FILM: “Stalag 17”
DIRECTOR: Billy Wilder
WRITER: Edwin Blum & Billy Wilder (Based on the Play Written By Donald Bevan & Edmund Trzcinski)
STARRING: William Holden, Don Taylor, Robert Strauss, Otto Preminger, Peter Graves
The year is 1944. In the midst of the Second World War, this German prisoner of war camp, or a stalag, is filled with 630 United States airmen. The majority of prisoner’s at Stalag 17 have grown restless, but not hopeless. The men in barracks number 4 have been planning the escape of two of their own. On the night of the escape, the two men make it just outside the wired fence before they are shot and killed. All the men they left behind with such hope are devastated by the loss. That is all, but one.
Sergeant J.J. Sefton (William Holden) is not interested in forming a bond with his fellow prisoners. He is a realist with no room in his heart for hope. An exploitive hustler, he will make a bet with anyone, including the guards if it suits his purpose. Sefton keeps to himself as plans are made by whom he thinks are foolish men. His pessimistic and selfish attitude makes him the loner in this desolate world behind the wires.
When the escape plan fails, the men begin to suspect that a traitor is among them, tipping off the Nazis. Could Sefton be the informant? It would certainly match up with his character. If not Sefton, then who is the traitor?
“Stalag 17” rides the line between comedy and drama. This is an interesting feel for a prisoner of war film. The various prisoners range from riotously over-the-top to quietly heartbreaking. The German guards are Nazis who kill, but they are often portrayed as amusing caricatures. When the film was released in 1953, the world was still reeling and basking in the end of the war. The film is seemingly looking to make light of a rather dark part of history. A victory lap or sorts for American audiences to laugh and point at the foolishness of it all.
Six-time Oscar winner Billy Wilder wrote (along with Edwin Blum), produced and directed “Stalag 17.” Wilder was born in Austria in 1906 to a Jewish family. He would go on to study journalism at the University of Vienna before moving to Berlin, then to Paris and finally to Hollywood to escape the Nazi Party. According to biographer Andreas Hutter, Wilder lost his mother, stepfather and grandmother at the hands of the Nazis. An immigrant Jew fleeing oppression and genocide, Wilder would become one of the most prestigious American filmmakers in the history of film.
“Stalag 17’s” star William Holden won his only Oscar for his performance of Sergeant Sefton. Sefton is the quintessential anti-hero. Turner Classic Movies reported that Holden was not Wilder’s first choice for the role. Although Holden had done Wilder proud in “Sunset Boulevard” (1950), Wilder did not come to Holden until after he offered the role to Montgomery Clift. When Holden won his Oscar, he gave the shortest Oscar speech of all time, simply stating, “Thank you.”
CULTURE AND THEMATIC ANALYSIS:
Being a film about prisoners of war, “Stalag 17” works to build a solid comradery between the men in barracks number four. This group of guys is especially loud, especially horny, especially ridiculous, but most importantly, especially loyal. When the film opens, the narrator tells the audience what they should expect from a large group of isolated and frustrated men- a riot. War or no war. Prisoner or not. Men will be men.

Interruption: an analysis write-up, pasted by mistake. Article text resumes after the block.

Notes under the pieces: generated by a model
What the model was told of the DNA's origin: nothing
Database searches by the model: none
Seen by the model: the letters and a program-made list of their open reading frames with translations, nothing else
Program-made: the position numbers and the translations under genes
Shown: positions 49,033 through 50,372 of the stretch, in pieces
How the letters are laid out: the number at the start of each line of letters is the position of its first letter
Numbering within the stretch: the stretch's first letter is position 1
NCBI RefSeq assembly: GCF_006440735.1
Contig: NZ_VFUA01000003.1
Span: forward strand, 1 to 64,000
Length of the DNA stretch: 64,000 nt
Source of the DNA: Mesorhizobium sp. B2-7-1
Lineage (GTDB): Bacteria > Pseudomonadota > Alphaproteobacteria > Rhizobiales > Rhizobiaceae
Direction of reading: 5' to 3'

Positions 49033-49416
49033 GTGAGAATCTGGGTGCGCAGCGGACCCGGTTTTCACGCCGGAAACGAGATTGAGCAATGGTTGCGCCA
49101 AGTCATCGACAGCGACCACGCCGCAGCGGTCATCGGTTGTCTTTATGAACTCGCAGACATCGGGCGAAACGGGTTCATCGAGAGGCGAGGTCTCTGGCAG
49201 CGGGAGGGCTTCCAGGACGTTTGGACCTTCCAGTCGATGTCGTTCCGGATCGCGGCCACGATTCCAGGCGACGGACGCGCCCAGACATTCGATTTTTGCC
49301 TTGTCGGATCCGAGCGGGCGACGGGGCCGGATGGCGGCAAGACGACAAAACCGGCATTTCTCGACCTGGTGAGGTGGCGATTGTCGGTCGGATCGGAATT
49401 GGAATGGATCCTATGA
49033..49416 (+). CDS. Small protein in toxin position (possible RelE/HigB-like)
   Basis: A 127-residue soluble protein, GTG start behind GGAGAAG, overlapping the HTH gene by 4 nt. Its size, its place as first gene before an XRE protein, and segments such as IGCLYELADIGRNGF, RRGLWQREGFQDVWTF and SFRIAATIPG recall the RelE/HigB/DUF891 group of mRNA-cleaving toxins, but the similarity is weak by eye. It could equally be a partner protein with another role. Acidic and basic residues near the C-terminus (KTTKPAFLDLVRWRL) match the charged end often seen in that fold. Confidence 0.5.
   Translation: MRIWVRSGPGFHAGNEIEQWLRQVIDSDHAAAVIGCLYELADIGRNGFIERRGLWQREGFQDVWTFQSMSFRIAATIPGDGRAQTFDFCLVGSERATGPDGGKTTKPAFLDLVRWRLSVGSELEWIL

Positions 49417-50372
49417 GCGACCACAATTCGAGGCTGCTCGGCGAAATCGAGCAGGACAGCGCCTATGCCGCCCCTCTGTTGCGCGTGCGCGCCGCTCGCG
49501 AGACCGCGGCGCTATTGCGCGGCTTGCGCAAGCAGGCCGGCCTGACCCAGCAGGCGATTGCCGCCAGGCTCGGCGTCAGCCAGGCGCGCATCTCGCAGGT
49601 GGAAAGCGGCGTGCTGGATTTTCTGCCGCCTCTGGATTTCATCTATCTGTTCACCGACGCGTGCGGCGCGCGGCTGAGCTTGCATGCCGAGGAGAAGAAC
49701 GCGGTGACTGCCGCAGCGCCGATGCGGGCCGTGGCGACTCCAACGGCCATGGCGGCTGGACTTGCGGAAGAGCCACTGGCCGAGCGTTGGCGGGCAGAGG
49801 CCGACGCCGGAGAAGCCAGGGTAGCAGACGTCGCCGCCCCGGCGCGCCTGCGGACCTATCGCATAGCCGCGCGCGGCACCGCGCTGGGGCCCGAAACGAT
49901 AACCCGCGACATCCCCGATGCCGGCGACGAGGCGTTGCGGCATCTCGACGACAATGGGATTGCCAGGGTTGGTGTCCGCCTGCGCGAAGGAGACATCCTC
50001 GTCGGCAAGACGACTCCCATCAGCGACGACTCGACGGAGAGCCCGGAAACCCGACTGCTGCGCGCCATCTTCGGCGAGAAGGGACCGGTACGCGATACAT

The anti-hero is on full display in the Sergeant Sefton character. The man is unlikable. He is only in it for himself and his eventual payoff. Watching this film, I was reminded of Han Solo in the first “Star Wars” film (1977). Both Sefton and Solo are slick players. They sit back, wait to take advantage and have a tremendous amount of game when they are confronted. Up until both films’ final moments, each character’s moral compass and their innate selfishness are at odds. Harrison Ford’s Solo and William Holden’s Sefton have the audience wanting to believe that in the end, they will do the right thing, but still doubting.
RESPONSE TO THE FILM AT THE TIME:
“Stalag 17” is based on the Broadway play written by Donald Bevan & Edmund Trzcinski about their experience in a POW camp during WWII. Reviewers of the film that had had the opportunity to see the play lauded it as a worthy adaptation. When it was released, “Stalag 17” was a huge hit. According to Variety, it was one of the biggest films of 1953. The film received three Oscar nominations (Best Actor- Holden, Best Director- Wilder, Best Supporting Actor- Robert Strauss), with Holden winning the gold.
COMPARISONS TO ANY MOVIES OF TODAY:
Recent POW films have taken a very serious approach to the subject matter. 2002’s “Hart’s War,” starring Brue Willis, Terrance Howard, and Colin Farrell, tells the story of a prisoner of war who is tasked to defend a fellow detainee after he is accused of murdering a racist Officer. The film may bite off more than it can chew, but its intentions are honorable. 2006’s “Rescue Dawn” finds Christian Bale and Steve Zahn in a Vietnamese POW camp. It is a disturbing film with fine performances from the two leads. Unlike “Stalag 17,” these two examples leave no room for the comedic.
WHY IT STILL RESONATES:
“Stalag 17” is not one of Billy Wilder’s most famous films. That title would be given to the likes of “The Apartment,” “Some Like it Hot” or “Sunset Boulevard.” But what this film was able to do was set a president for comedy out of heartache and the absurd in the everyday. “MASH” is a perfect example of this. That book/movie/television show is about the horrific Korean War, but its analysis is rooted in humor. “Stalag 17” broke the mold. Wilder tried and succeeded in conveying the ridiculousness of war. Filmmakers who push the boundaries will ultimately pave the way for others to follow suit. We owe Wilder a great deal of gratitude.